Three words that should be better known are "I stand aside."
Because consensus-based decision making is so prone to gridlock, it includes decision-making tactics that other political systems overlook. Chief among these is standing aside.
Standing aside lets us disagree with a decision without interfering with it. That is, we don't always have to act on our opinions; just because we don't like something, that doesn't mean it should be stopped. After all, there's nothing sacred about opinions; most of our opinions are poorly informed ones. When we can't make an informed decision, we would all be better off if we stood aside and let more informed people make the decision.
Life's too complex and too short for there to be enough time to become informed enough about every subject to make good decisions. We need to choose the subjects we care enough about to prioritize, and then then we need to become educated enough about them for our opinions to do more good than harm; on other subjects we need to learn how to let go, to stand aside.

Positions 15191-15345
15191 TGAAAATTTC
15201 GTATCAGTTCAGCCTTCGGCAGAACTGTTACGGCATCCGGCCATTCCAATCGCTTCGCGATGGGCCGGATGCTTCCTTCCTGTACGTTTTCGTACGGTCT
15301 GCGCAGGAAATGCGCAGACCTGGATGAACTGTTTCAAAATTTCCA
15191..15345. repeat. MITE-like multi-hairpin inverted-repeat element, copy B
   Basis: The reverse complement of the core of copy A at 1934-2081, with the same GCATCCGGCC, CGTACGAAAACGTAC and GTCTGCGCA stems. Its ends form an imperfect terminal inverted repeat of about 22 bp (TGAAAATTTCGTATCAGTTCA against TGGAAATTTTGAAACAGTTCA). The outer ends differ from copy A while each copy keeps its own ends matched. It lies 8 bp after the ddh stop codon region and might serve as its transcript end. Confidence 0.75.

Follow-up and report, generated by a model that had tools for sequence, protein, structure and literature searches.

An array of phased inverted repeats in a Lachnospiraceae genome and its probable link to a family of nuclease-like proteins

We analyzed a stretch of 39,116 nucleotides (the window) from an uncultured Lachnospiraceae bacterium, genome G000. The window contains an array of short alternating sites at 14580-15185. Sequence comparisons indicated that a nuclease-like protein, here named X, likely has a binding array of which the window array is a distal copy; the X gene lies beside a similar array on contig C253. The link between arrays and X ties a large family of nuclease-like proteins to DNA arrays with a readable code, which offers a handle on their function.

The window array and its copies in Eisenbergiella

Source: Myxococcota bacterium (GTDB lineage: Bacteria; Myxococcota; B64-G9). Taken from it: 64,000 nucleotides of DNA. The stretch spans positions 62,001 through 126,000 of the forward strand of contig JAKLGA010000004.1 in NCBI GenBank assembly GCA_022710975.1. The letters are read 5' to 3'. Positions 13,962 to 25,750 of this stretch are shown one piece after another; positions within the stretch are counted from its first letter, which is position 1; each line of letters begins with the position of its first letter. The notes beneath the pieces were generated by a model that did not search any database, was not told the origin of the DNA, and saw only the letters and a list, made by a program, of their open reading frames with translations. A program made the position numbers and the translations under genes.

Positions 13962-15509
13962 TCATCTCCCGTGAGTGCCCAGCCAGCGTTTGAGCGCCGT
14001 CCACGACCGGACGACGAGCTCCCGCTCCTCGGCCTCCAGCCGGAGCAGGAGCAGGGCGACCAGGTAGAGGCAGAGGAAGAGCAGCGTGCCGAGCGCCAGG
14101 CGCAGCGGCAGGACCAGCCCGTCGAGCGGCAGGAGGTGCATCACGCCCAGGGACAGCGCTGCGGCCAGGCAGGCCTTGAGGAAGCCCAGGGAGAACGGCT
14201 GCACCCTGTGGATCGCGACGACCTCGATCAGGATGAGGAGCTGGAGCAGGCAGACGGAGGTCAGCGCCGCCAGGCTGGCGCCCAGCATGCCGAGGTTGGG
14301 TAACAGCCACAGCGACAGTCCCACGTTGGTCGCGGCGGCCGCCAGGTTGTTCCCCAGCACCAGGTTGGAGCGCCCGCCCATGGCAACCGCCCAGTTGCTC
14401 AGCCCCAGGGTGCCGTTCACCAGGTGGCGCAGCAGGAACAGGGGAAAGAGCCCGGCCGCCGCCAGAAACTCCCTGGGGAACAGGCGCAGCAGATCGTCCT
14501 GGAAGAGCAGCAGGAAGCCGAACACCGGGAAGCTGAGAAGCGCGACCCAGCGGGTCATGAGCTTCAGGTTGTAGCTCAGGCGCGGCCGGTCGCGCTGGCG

This is a problem for most of us because we think standing aside might somehow be irresponsible. As with our irrational fear of acknowledging our ignorance, our fear of standing aside is learned in school.
We teach our children that adults in America are free to have their own opinions, but we forget to teach them that they are also free not to have opinions - as well as not to act upon the ones they do have except when they matter most. As a result, it is widely though unconsciously believed that having opinions should be the normal state of affairs, along with pushing those opinions on everyone around us.
Looking at the state of public discourse today, the pointless, endless squabbling and name-calling, surely we can agree that we're long overdue to try something different.
Fortunately, in the search for the truth there are better options than holding and defending opinions.